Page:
Title: Miami Vice
Creatives: Anthony Yerkovich and Michael Mann
Genre: 80s Cop Drama
Watched: pilot 1984 and Nov 13, 2010
Summary: Holds up great.
Dexter (one of my 2-3 favorite currently running shows) had me thinking about Miami so I found a copy of the Miami Vice complete series boxset on Amazon Marketplace for dirt cheap. I’d watched the show 26 years ago, but this is really just a review of the pilot which just I re-watched.
For early 80’s television, the show holds up amazingly well. Sure the picture quality of the DVD transfer is mediocre, and it would’ve benefited from wide screen shooting, but it’s still better than most TV today. Some of the acting, particularly reaction shots, still retains that 70s/80s cheese factor. Cut to cheesy Tubbs facial expression. But the 2 hour pilot plays more like a movie, a Michael Mann movie, in fact. The writing is great, and starting off the protagonists separately, with Tubbs a bit of a mystery, works well. The music is still fantastic, and the evocative much-touted MTV style shots of car hoods and wheels racing along night streets still work. When “In the Air Tonight” kicked in, I got goosebumps.
For me the real star of the show is 1984 Miami. This now forgotten world of no cel phones, no computers, teased hair, and leisure suits. Since it’s a 1984 show, this is real 80s, or at least how Hollywood wanted us to see it then. One tends to forget that styling black guys dressed like Michael Jackson (2 belts!), Don Johnson sported a cheesy mustache, or that sleeveless vests were ever in. And the close up shots of the seedy Colombian drug lord’s sleeve, gaudy bracelet, and rings were priceless. Maybe it’s just because my High School years were in the early/mid 80s, but there’s certainly a deep nostalgia factor.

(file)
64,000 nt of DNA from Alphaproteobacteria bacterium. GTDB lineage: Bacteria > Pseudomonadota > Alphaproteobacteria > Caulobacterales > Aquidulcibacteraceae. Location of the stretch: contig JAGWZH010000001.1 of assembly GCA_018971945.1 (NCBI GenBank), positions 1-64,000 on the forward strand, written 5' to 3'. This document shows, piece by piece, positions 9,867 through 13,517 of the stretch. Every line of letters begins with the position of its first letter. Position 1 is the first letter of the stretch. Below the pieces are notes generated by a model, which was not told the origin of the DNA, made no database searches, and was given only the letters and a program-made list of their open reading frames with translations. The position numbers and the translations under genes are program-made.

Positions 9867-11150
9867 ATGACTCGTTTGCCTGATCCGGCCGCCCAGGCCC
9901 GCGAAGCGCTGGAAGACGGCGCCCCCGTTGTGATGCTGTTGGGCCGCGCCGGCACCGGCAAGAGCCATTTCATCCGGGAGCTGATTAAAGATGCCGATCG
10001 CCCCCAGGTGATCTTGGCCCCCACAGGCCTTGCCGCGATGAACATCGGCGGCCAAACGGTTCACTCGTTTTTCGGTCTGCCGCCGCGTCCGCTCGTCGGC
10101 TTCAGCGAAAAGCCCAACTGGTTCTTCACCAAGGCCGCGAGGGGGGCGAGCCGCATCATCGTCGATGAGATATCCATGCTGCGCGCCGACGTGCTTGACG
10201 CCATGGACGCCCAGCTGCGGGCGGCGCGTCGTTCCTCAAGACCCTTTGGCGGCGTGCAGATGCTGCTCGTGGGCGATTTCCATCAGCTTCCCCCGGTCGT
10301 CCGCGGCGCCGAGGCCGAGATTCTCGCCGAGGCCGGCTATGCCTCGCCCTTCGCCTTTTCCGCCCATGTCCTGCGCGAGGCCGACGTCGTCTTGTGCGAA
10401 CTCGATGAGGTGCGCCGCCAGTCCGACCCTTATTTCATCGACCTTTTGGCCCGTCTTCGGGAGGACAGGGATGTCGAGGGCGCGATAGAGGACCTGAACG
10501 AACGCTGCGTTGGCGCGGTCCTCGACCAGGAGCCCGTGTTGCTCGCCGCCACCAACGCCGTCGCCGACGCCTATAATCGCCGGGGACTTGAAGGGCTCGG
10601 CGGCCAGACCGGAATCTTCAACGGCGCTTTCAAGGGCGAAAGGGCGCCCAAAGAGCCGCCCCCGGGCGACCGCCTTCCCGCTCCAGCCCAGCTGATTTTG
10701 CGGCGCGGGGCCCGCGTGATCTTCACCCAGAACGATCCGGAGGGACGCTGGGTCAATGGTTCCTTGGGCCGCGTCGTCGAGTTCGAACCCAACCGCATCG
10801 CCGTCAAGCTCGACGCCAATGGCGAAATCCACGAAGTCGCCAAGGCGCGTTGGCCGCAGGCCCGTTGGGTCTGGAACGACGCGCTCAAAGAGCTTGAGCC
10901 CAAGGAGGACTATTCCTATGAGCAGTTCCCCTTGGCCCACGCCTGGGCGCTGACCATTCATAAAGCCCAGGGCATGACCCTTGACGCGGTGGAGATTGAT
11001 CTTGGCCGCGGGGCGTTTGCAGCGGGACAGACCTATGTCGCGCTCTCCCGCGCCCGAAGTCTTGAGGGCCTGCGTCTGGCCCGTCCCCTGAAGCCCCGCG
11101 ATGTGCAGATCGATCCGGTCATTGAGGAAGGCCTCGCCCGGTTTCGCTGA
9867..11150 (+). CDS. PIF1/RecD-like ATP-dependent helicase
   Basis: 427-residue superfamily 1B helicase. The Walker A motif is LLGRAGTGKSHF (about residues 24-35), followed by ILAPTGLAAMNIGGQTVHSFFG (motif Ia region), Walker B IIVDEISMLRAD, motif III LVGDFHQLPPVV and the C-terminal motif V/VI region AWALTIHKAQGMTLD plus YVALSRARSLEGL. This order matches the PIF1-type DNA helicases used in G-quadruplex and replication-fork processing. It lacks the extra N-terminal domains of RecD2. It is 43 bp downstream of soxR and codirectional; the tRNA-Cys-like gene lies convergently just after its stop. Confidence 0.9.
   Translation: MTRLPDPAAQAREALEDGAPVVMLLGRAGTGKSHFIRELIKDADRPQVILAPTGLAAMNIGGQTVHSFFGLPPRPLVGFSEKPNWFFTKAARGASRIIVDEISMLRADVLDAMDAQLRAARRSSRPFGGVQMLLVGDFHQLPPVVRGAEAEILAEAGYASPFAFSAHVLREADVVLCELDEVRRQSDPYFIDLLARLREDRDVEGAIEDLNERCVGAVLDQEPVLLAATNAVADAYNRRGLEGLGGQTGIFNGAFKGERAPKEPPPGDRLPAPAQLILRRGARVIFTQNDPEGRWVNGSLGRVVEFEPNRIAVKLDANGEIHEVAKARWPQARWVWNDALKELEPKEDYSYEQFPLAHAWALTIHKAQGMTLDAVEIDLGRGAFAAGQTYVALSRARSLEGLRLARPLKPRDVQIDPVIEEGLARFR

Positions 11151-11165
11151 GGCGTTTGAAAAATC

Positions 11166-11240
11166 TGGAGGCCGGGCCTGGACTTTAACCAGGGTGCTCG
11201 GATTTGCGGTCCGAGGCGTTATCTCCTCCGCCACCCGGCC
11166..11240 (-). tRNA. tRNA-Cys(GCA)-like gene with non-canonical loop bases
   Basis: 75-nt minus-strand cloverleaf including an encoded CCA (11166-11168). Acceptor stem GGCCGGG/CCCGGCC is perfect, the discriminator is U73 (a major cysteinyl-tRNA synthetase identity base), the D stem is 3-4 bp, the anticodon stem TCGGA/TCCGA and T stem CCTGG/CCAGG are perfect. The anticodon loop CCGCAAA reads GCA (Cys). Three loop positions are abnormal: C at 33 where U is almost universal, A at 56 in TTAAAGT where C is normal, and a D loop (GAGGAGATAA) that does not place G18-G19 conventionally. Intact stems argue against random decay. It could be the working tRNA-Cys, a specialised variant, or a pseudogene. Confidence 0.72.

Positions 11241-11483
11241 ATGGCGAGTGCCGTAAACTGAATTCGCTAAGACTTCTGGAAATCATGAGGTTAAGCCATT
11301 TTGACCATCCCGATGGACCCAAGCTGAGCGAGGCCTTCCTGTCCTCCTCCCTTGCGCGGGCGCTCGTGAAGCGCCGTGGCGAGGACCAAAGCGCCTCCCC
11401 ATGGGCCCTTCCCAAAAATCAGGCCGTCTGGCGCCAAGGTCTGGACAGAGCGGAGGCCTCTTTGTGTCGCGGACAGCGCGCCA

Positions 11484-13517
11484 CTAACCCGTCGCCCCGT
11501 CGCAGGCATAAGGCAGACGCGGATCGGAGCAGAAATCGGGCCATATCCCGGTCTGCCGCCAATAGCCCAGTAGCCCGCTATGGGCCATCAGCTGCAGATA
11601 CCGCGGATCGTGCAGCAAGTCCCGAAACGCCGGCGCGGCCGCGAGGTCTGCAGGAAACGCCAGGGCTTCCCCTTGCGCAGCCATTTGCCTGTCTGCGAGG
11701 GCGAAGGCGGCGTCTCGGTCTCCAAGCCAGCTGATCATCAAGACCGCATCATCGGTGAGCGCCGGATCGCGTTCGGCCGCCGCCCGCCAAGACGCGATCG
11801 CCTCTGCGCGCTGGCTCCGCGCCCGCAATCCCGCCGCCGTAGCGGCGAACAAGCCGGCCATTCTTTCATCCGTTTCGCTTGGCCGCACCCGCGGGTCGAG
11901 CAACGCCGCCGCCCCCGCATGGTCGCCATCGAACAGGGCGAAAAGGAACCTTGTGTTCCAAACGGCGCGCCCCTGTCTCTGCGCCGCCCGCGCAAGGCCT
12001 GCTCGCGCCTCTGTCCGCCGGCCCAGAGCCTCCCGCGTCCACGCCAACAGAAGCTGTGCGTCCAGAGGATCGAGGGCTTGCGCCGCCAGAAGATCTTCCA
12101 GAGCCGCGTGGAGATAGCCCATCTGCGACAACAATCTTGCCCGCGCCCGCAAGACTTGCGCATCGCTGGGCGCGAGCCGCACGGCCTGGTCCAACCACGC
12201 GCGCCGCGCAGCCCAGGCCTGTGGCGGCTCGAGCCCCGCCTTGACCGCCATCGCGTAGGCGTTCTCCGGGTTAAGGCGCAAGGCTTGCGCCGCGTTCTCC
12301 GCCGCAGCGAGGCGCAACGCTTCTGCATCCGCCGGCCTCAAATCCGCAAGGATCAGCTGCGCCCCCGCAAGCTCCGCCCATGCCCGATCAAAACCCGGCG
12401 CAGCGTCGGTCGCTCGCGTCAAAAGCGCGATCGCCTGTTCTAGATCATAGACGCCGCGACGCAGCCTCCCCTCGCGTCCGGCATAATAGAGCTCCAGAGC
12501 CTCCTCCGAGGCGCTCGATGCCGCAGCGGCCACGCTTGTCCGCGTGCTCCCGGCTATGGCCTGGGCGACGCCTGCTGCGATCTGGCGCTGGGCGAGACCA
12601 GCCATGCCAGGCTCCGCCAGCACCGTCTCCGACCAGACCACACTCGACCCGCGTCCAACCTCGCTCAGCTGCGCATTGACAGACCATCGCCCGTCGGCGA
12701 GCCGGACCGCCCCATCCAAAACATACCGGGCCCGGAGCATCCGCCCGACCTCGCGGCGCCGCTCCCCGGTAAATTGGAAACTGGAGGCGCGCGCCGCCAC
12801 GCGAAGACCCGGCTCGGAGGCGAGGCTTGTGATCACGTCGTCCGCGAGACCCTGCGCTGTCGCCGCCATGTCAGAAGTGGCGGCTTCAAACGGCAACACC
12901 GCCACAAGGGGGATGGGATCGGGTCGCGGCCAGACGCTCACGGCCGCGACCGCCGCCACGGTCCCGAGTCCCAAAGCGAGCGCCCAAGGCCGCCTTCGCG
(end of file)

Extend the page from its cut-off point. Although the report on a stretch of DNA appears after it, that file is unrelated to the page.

I liked the pacing too. Nowadays, particularly on network TV, the editing is all rushed. Everything happens piled up on top of itself, and oftentimes there’s no setup or character development. The computer and the cel phone have also become crutches for easy writing solutions. Need to know something? Look it up on the computer. Someone needs to warn someone? phone call comes in. Before that, each of these information exchanges required an actual character.
In some ways Miami Vice might represent one of the first TV dramas that IS still watchable. Every time I’ve tried to watch some old late 70s or early 80s favorite the pre-cinematic / pre-Miami Vice TV cheese factor just punchs me in the face. We’ll see how I feel a couple more episodes in.sharethis_button(); ?>